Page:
Hydrogels are attractive for tissue engineering applications due to their incredible versatility, but their use is limited by inadequate mechanical strength and poor biocompatibility. In this study, to better mimic the mineral component and the mechanical strength of natural bone, two biocompatible materials, 2-hydroxyethyl agarose and poly (ethylene glycol) diacrylate, were combined with nanocrystalline hydroxyapatite (nHAp)-coated poly(lactic-co-glycolic acid) (PLGA) microspheres. A novel composite interpenetrating network (IPN) hydrogel scaffold was created to investigate its mechanical and osteoconductive performance for bone tissue engineering-related applications. The inclusion of nHAp-coated PLGA microspheres in an IPN hydrogel led to an increase in compressive modulus. In the absence of nHAp-coated microspheres, cell viability dropped to 59·1% at 3 weeks post-encapsulation. However, by incorporating nHAp-coated microspheres, cell viability improved to 80·6%. The capacity of composite IPN hydrogels to promote bone formation in cell culture was assessed. In the presence of mineralised microspheres, a composite IPN gel showed a significant increase in alkaline phosphatase activity and calcium (Ca) deposition following 3 weeks of incubation when compared with plain IPNs. This technology may be also applied to other cellbased applications where the improved mechanical integrity and osteoconductivity of cell-containing IPN hydrogels may be used to mimic bone tissue replacement.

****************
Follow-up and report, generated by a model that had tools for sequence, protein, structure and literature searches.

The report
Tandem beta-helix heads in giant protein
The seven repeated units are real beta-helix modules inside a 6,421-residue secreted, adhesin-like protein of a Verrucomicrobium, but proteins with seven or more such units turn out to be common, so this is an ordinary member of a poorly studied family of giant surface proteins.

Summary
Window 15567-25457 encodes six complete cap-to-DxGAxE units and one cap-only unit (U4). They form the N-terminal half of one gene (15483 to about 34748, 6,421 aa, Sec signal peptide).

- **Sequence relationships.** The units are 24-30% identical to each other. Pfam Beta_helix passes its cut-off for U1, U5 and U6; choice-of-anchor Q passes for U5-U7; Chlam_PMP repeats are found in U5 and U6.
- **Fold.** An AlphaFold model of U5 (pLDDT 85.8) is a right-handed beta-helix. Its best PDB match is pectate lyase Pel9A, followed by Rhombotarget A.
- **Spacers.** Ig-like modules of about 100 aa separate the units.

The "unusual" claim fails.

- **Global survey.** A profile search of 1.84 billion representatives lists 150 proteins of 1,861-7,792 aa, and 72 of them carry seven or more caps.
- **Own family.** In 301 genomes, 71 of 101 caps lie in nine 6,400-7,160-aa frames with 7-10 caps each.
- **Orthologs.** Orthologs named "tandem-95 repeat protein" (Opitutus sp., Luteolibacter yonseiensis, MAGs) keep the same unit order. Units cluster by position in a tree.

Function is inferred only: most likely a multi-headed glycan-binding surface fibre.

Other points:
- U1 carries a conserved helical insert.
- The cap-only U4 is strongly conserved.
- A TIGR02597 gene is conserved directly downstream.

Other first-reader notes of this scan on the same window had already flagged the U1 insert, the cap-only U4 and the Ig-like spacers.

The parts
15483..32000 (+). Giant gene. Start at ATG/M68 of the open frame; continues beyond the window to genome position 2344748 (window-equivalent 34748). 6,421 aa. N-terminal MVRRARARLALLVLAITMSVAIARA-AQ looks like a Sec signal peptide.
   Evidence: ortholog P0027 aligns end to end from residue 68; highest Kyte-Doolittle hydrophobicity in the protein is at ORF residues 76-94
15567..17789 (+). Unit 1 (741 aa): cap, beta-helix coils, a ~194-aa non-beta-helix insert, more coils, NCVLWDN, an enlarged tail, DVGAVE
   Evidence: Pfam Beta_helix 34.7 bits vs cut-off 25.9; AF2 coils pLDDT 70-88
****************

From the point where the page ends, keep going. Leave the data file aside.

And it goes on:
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- biomimetic materials